Brightsurf Science News & Current Events

December 07, 2001
NIST miniature refrigerator flies aboard current shuttle mission
The smallest cryocooler (a gaseous refrigeration device with no moving parts) in the world is in the

Study of key enzyme sheds new light on programmed cell death and may lead to new drugs for reducing the severity of stroke
Critical new data on a complex enzyme that lies at the crossroad between cell suicide and tumor suppression has opened a promising new front in the battle to find effective treatments for stroke and cancer.

Commerce secretary announces new standard for global information security
The Advanced Encryption Standard is now the official federal method for protecting sensitive computerized information and financial transactions.

New report calls for huge changes to Kosovan farming industry
Expert advising the European Union on rural recovery programme for Kosovo says financial help for farmers should be focused on businesses which have a long term chance of success.

Countries that share capital market and monetary policy linkages are less likely to go to war
Countries that maintain in-depth financial and economic ties with each other are less likely to engage in military conflict, according to a Penn State study.

Tiny particles of pollution may carry large consequences for Earth's water supply
A new study conducted by researchers at the Scripps Institution of Oceanography at the University of California, San Diego, argues that particles of human-produced pollution may be playing a significant role in weakening Earth's water cycle much more than previously realized.

New NIST test says 'Y' be uncertain about DNA identification
Using a Y-chromosome DNA typing to determine family lineage -- an method used for forensic work, paternity testing and other human identification needs -- has traditionally been unreliable.

TIMED atmospheric spacecraft successfully launched
NASA's TIMED spacecraft -- en route to explore one of the last frontiers in Earth's atmosphere -- was launched and inserted into orbit on Friday, Dec.

The sun's chilly impact on Earth
A new NASA computer climate model reinforces the long-standing theory that low solar activity could have changed the atmospheric circulation in the Northern Hemisphere from the 1400s to the 1700s and triggered a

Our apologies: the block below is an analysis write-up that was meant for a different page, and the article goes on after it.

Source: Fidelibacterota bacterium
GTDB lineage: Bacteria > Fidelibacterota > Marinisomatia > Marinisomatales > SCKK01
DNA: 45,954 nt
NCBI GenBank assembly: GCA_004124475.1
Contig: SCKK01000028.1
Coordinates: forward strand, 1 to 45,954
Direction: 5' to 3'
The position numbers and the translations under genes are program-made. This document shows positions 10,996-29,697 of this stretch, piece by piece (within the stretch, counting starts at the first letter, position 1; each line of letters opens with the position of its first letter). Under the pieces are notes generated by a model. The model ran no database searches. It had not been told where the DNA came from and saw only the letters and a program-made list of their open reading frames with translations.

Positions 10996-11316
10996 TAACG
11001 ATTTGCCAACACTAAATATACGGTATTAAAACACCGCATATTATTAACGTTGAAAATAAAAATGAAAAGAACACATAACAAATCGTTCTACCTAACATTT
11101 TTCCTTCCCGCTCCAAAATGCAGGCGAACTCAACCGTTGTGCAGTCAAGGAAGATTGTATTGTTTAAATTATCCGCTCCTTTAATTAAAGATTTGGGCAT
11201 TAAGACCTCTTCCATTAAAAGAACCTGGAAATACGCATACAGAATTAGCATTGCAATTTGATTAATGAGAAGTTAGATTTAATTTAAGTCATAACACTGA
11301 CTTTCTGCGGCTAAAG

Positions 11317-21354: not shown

New NIST imaging tool has X-ray eyes
Kim Carnes may have had a Top 10 single with the song

Indiana Univ. School of Medicine gets most powerful MRI machine in state and one of the first of this strength in the U.S.
A $2.2 million Magnetic Resonance Imaging scanner, the most powerful one in the state and one of the first of this strength in the U.S, was moved by crane Friday, Dec.

Rush-Presbyterian-St. Luke's medical center to test treatment for shift workers plagued by chronic sleep disorder
The Sleep Disorders Center at Rush-Presbyterian-St. Luke's Medical Center is participating in a nationwide clinical research study to explore a potential treatment for chronic Shift Work Sleep Disorder (SWSD), a condition that affects at least 70 percent of the more than 15 million Americans classified as shift workers by the U.S Bureau of Labor Statistics.

Ultracold plasmas are a chilling puzzle
Plasma is believed to be the most common form of matter in the universe, and in most cases, a really hot item (greater than 100,000 degrees Celsius in the core of a star).

$1.2M USDA grant to study Northeast organic farming
The U.S. Department of Agriculture's Initiative for Future Agriculture and Food Systems has awarded a $1.2 million grant for the creation of a new organic farming network managed by Cornell University's Department of Horticulture.
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